Jenner is not an expert on trans issues. I don’t even consider myself to be an expert and I am involved in the community and with activism. In reality, no one can truly be an expert on trans issues because trans experiences are varied and individualistic. Being a vocal part of the trans community and speaking for trans people means having a deep understanding of this fact. It is impossible for Jenner to possess this understanding.

Going even beyond Jenner’s ability to speak for trans people, we’ve already had a glimpse of the nastiness to come from the media. It’s not pretty. Simply look at TMZ and other tabloid publications. Jenner comes with too much baggage. People are too eager to use them being transgender as another way to attack him in pursuit of a quick buck.

Much of the bullying and attacks on Jenner feel like a flashback to the 90s for me. I still have mental scars from the imagery and treatment of trans people in the 90s. Media depictions like those on Jerry Springer set me back almost two decades in figuring out who I was and how to navigate being transgender. I fear a repeat of this for transgender youth of today.

Bruce Jenner’s stardom comes with immense visibility, but visibility isn’t always positive. Each insult hurled at Jenner isn’t just an insult of Jenner, it’s an attack on all trans people. These “jokes” are at the expense of all trans people. We are the punchline. Jenner will be a magnet for transphobia and transmisogyny and while they may be able to endure it and shelter themself from it thanks to decades of experience being in the spotlight, the vast majority of the trans community cannot.

Jenner’s “journey” and this interview won’t be about transgender people and the trans community, it will be about them and all of us will be the innocent victims handed over in exchange for media profits.

Regardless of all of this, Jenner still deserves our respect. They deserve to be properly gendered however they ask us to do. But I beg for the world to not look to Jenner to speak for us.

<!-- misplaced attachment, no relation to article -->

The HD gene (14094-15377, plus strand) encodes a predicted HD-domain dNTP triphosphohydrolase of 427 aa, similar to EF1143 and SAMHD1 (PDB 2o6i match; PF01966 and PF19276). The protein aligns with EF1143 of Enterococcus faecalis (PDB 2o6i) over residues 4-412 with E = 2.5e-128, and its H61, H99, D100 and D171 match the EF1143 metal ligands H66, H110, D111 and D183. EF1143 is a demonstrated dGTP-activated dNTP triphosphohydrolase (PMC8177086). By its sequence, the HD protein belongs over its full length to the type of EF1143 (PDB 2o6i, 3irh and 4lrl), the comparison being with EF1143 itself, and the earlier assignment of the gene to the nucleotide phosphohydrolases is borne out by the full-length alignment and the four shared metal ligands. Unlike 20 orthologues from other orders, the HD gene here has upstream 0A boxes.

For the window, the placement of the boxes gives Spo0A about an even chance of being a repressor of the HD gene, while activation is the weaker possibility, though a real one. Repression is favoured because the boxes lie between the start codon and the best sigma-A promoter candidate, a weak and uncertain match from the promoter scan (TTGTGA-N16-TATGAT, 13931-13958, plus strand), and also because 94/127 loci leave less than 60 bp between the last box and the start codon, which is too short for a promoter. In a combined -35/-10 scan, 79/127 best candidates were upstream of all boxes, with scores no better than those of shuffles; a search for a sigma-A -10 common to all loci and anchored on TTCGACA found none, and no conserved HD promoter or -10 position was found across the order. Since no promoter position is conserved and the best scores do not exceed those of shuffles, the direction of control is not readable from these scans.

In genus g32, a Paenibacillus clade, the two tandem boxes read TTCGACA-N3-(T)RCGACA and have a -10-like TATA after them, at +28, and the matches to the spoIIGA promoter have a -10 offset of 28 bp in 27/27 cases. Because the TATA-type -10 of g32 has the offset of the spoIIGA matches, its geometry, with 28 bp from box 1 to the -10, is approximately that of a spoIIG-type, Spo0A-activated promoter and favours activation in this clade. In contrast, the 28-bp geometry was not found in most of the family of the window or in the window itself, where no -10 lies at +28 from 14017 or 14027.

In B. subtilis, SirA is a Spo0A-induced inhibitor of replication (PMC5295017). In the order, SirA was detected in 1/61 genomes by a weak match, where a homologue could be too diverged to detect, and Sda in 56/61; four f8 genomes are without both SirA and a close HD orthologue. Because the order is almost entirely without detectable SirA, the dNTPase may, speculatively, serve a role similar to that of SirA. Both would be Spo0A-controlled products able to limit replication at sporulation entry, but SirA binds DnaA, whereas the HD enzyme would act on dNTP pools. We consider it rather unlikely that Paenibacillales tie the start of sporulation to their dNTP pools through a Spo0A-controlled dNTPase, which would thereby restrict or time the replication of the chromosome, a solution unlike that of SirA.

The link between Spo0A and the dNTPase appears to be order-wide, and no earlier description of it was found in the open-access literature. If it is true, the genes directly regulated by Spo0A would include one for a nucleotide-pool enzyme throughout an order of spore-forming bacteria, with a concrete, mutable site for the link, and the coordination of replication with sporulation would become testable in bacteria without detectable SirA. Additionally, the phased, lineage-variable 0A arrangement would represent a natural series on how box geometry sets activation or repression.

Update: Based on a lot comments I’ve received in various places, it seems as though I completely failed to make one of my main points clear enough. I 100% support Bruce Jenner and all trans people. My issue isn’t with Bruce Jenner themself at all. It is with a society and a media that will no doubt center around their experience and their story as THE transgender story and experience. We all have different stories and experiences and they are all worth being heard. I don’t want to, in any way, imply that I don’t believe that. Bruce’s experience is just one of an infinite number of them. What I fear is what will be thrust upon Bruce and the elevation of THEIR story over all others. This will only serve to bury the stories of our most marginalized.

100

Why Transparent creator Jill Soloway’s Facebook post hurts so much

Before I even get started here, let me just quickly point out the fact that, as of writing this, Bruce Jenner has not, in any way, said he was transgender or that he was transitioning or anything. No amount of media speculation, obsession, or bullying can decide who Bruce Jenner is. Maybe he is trans. Maybe he’ll ask us to use female pronouns and we will welcome him to our community. Or maybe he’s not trans. It doesn’t matter. If there is something to tell, he will tell us when he is ready. His identity is his to share, not anyone else’s to determine.

That, itself, is an important enough concept to warrant its own post, but this post is about Jill Soloway, not Bruce Jenner. Everyone’s favorite cisgender (not-transgender) teller of trans stories. Jill Soloway, creator of Amazon’s Golden Globe winning Transparent. The show with everyone’s favorite “Moppa.”